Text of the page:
Alzheimer’s disease (AD) is a neurodegenerative disorder that causes severe and progressive cognitive impairment. The discovery of specific mutations related to AD supported the amyloid cascade hypothesis, which postulates that the accumulation of the amyloid-β (Aβ) peptide triggers neuronal death and dementia. However, most drugs that aim to prevent Aβ accumulation or tau phosphorylation have consistently failed in clinical trials. This would suggest that the amyloid pathology lies downstream of (an)other cellular event(s) that is/are responsible for AD pathogenesis. In this context, several lipid alterations have been described in the brain and in peripheral fluids of patients with AD, suggesting the involvement of lipids in the etiology of this condition. Indeed, the central nervous system (CNS) has the highest lipid content in the body, next to adipose tissue, and it is thought that normalization of brain membrane lipid levels would revert AD-related pathogenic events. In this sense, novel hydroxylated derivatives of docosahexaenoic acid (DHA) such as natural resolvins or synthetic hydroxy-DHA (HDHA, DHALifort) can modulate membrane lipid composition and show remarkable beneficial effects on AD hallmarks, such as prevention of amyloid production and tau phosphorylation, and cognitive restoration in animal models. Therefore, normalization of the neuronal lipid environment by hydroxyl-DHA and/or other lipids may constitute a promising therapy for AD treatment, memory loss and, possibly, other types of dementia.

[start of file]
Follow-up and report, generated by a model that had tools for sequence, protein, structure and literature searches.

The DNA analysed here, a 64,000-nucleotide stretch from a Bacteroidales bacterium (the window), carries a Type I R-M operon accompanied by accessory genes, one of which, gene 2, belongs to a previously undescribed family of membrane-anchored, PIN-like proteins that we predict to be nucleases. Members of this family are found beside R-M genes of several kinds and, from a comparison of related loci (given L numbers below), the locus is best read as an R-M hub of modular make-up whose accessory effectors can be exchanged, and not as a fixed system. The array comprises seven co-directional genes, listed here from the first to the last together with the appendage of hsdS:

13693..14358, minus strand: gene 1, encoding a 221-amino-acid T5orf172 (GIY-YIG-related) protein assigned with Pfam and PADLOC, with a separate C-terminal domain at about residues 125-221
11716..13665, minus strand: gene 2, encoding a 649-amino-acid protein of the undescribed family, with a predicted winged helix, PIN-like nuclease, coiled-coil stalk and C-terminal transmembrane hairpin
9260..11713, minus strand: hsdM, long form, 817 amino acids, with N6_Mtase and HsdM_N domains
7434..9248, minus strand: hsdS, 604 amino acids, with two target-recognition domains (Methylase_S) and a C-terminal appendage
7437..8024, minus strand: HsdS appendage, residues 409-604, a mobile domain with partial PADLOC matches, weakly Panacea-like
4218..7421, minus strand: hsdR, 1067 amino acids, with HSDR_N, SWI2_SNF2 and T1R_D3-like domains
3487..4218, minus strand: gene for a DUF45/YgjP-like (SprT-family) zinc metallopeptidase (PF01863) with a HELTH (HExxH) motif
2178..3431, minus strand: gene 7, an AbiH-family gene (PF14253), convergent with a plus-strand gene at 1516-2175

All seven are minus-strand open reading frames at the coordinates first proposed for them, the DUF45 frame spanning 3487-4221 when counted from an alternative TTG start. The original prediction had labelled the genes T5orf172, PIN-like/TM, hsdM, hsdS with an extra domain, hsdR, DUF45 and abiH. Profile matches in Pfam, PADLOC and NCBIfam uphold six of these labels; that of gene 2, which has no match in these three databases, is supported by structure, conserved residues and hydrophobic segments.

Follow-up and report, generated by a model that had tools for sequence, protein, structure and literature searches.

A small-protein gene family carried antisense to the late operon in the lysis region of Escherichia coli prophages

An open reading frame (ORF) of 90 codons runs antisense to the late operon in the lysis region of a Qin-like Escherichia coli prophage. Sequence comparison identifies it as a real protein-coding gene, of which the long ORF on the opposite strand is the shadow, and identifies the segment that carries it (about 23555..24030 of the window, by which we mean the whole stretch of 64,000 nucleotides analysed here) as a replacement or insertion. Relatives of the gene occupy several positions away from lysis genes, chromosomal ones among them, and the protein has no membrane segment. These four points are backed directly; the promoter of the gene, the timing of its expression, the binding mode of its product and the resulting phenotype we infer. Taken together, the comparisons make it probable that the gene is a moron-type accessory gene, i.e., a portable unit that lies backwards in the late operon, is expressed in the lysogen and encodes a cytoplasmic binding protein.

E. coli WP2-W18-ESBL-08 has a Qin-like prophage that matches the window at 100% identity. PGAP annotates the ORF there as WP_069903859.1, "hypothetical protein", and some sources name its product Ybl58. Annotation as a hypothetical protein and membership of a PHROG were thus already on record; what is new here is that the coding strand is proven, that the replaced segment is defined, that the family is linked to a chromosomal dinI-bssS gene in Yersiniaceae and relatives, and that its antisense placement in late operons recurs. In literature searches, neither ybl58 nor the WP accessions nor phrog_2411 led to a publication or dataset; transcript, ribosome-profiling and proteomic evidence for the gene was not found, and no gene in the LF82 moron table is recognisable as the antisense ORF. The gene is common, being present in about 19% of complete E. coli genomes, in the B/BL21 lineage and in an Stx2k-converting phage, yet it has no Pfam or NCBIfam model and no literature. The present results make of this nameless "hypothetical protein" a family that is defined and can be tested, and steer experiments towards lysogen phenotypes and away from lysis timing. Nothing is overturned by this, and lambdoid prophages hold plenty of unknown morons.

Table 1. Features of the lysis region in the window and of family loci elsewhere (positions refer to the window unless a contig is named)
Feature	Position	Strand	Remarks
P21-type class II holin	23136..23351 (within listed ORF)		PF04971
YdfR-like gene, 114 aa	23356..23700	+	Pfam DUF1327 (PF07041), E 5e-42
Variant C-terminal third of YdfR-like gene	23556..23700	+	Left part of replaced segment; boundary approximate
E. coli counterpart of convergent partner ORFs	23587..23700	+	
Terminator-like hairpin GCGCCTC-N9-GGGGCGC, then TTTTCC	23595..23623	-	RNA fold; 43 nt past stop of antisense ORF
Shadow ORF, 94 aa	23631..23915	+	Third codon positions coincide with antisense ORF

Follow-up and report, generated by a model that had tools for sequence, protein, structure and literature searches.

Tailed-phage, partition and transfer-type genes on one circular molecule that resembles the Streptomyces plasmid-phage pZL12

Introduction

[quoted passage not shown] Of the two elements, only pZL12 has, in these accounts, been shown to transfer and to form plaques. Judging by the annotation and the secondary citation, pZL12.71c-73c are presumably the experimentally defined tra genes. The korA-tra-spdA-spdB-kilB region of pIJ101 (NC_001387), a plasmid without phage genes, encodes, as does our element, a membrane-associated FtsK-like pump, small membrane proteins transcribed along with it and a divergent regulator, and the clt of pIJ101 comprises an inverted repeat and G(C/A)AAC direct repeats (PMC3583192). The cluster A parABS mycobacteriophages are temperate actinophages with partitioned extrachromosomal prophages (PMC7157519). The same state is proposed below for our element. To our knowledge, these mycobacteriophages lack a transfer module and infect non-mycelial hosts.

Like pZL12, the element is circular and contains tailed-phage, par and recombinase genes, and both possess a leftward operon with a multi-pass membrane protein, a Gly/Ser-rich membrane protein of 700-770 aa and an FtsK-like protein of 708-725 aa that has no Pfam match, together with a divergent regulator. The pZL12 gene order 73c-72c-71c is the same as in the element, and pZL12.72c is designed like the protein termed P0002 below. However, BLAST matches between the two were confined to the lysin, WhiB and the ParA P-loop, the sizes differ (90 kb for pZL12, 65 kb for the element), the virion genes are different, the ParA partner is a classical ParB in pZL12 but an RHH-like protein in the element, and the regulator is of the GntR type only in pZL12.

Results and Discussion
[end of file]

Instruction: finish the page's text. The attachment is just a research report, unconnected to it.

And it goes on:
Part of the book: Update on Dementia